Actually usability testing has been going on with Linux for many years - since at least 2001 for GNOME when Sun started doing this ( http://developer.gnome.org/projects/gup/usertesting.html [gnome.org] ). Here's a good article that talks about usability testing for Linux, also from 2001, and mentioning KDE user testing: http://lwn.net/2001/0614/desktop.php3 [lwn.net]

    GNOME is the way it is today largely because of usability testing, I believe - while many power users and developers whinge about this, it is becoming much closer to Macs in overall usability.

    So the issue is not "stupid developers", it's a matter of taking the time to do the testing - and it helps if you have some expertise at running the tests. Then it's the time to actually make the changes. Many developers aren't that interested in doing the testing, which is why there have been separate usability initiatives that can feed changes into projects.

    Some of the issues logged here are not that easy to solve - e.g. making Firefox pop up an Ubuntu-specific Flash installation prompt, rather than executing the YouTube JavaScript logic that pushes people towards an Adobe plugin site that actually does have a Linux plugin for Flash, but one that's much harder to install than an Ubuntu-packaged Flash plugin.

    Also, the one about finding MP3s on the Windows partition is not that easy - you could simply copy the files across with the Ubuntu migration assistant, but what if they're in a non-standard place? Indexing the Windows filesystem to quickly find these might help, but building the index could take some time. However, it would probably be enough if there was some feature in Ubuntu that scanned for existing partitions and said (based on partition type and a few key directories/files) that 'this looks like a Windows partition, it's available on the desktop through this icon', and ideally did a special symbolic link for the My Documents or similar (though that's tough as it's per-user under Windows - which user should this use).
  • Usability test (Score:4, Informative)

    by mach1980 (1114097) on Monday April 28, 2008 @09:31AM (#23223044)
    Well here's some more anectodes:

    My wife switched to Ubuntu after her XP-installation trashed the hard drive. When she first tried to recover the OS with the supplied restore-cd from LG neither the WiFi card or sound worked. Then she tried Ubuntu which worked without turning a dial.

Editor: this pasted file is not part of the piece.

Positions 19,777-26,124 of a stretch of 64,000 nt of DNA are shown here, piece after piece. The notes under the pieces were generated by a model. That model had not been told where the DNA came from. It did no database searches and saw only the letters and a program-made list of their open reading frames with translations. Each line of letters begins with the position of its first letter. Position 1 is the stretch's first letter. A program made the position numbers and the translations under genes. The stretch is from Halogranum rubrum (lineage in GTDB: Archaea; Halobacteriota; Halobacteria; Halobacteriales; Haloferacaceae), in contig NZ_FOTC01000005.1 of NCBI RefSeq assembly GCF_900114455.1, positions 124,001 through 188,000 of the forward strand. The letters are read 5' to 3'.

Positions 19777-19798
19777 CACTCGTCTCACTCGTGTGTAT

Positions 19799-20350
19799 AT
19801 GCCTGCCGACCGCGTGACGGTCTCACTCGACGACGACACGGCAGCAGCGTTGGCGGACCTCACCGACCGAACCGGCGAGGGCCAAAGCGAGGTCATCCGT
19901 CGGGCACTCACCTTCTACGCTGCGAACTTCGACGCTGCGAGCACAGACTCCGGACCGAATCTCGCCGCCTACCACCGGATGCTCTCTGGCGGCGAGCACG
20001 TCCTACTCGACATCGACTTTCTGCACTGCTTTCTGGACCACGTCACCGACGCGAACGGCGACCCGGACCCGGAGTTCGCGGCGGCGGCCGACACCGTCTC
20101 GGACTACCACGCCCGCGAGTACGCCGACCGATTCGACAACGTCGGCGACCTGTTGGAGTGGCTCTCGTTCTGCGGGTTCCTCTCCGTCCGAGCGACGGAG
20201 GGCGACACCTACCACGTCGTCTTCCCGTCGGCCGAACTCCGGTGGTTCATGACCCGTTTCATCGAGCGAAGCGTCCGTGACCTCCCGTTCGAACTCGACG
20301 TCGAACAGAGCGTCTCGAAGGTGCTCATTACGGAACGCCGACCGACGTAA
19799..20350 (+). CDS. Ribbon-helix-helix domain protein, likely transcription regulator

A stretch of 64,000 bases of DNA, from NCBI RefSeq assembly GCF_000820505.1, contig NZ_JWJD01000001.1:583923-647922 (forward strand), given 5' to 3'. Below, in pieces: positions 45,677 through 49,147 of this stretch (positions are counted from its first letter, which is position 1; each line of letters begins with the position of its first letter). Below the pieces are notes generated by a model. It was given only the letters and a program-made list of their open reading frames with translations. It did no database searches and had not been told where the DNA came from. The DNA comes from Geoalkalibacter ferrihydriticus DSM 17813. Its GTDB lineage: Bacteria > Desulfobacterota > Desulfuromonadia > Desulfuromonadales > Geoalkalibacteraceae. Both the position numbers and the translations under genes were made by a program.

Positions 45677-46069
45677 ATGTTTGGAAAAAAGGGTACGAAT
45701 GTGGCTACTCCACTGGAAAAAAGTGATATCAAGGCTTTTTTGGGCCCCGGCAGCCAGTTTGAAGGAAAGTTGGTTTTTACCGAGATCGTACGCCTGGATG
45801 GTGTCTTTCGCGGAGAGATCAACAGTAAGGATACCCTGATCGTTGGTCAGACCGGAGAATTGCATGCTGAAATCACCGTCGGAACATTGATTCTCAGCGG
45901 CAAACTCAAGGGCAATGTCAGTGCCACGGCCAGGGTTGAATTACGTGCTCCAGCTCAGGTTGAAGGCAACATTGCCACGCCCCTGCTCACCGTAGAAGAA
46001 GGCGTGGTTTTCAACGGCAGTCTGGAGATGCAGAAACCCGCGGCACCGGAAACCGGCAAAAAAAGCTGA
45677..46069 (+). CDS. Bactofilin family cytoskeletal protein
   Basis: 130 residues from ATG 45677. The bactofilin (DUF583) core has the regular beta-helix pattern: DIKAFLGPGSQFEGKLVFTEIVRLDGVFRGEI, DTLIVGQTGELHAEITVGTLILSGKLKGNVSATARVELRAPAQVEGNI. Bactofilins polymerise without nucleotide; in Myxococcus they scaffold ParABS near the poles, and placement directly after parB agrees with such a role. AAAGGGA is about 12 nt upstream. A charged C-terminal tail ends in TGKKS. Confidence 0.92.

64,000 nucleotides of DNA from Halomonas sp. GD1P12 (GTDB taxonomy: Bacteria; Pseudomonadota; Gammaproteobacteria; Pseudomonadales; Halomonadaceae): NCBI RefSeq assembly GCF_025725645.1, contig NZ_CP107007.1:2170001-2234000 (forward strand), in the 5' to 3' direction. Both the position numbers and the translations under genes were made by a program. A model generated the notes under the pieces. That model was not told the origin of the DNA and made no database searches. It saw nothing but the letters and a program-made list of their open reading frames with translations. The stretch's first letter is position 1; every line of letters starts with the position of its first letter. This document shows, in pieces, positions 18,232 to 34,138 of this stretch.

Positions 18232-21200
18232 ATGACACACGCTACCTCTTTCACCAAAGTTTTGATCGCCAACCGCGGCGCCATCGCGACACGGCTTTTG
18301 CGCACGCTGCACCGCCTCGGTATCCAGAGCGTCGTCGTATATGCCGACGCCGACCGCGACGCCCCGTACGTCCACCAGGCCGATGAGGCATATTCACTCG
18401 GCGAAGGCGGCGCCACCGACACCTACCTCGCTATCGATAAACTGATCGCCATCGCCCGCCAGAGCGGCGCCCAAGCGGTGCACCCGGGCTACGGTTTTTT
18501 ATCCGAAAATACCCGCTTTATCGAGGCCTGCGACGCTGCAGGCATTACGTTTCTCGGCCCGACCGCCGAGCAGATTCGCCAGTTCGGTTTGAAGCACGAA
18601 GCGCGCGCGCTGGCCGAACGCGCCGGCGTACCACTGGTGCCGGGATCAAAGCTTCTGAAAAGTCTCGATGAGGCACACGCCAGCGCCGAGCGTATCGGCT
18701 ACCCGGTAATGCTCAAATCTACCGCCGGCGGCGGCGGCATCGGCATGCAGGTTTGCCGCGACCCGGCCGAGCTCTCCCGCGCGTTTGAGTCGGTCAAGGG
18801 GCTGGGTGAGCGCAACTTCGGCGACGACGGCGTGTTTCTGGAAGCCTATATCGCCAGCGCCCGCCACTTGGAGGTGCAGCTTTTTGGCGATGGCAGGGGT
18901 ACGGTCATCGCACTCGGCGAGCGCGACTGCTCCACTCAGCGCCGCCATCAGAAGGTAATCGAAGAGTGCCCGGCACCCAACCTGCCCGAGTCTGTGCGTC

Now she's been running Ubuntu for over six months and she's hooked. She even managed to install Hardy Heron while breastfeeding our 7 week old daughter. - If that isn't usability for the masses then what is?
  • Re:Smart move (Score:4, Informative)

    by PReDiToR (687141) on Monday April 28, 2008 @10:16AM (#23223716) Homepage Journal
    I did implement this test. With gOS v1.

    I told my GF that I couldn't locate an XP Home OEM CD to use with the sticker on the side of her beige box.
    She had used my openSUSE 10.3 laptop and seen that OpenOffice.org was very similar to MS Office.
    She said that it was OK to put Linux on her computer that she uses for work as long as other people in her large government organisation would be able to read the documents she produced.

    The upshot was, after a week someone couldn't read the OOo format and I showed her how to save as .DOC, since then her experience has been 100% positive. We're even trying to get her sister to use Linux because of the number of times she asks for techsupport after the kids mess up Windows.

    One major convenience for my GF is that it took less than 10 minutes to set NX up on her machine, and now she can sit in the comfy chair downstairs with my laptop and do her work from there instead of spending untold hours in her study in front of a big ol' CRT that does nothing for her eyes over long periods.

    The transition to Linux for her has been very easy. She doesn't have to use a command line, all her apps are in plain view (if you haven't used gOS v1, it is Gutsy with E17) and everything Just Works. She hasn't mentioned going back to Windows since that first document that someone couldn't read.
  • by OldeTimeGeek (725417) on Monday April 28, 2008 @10:23AM (#23223854)
    Also, on both Windows and Linux, it's easy to get to the computer's root partition (C:\ or /) ... on OSX, I have yet to be able to get to / in finder, although I can get there in the terminal?

    Because Apple feels (usually for pretty good reasons) that a user has no reason to go there.

    Applications are installed in the Application folder, documents and files go into the Documents folder in the user's home folder and that's about the only access that most users need.

    Messing with the lower-level file structure or files directly - rather than through utilities - isn't something that Apple wants people to do, so it doesn't serve much of a purpose to let users access them. It may drive Linux and Unix users nuts, but it makes sense.

  • by Technician (215283) on Monday April 28, 2008 @10:25AM (#23223888)
    I'd suggest to you (honestly) - that if all your gf really does is youtube, mail & chat, then she'd be much better off on Ubuntu than windows.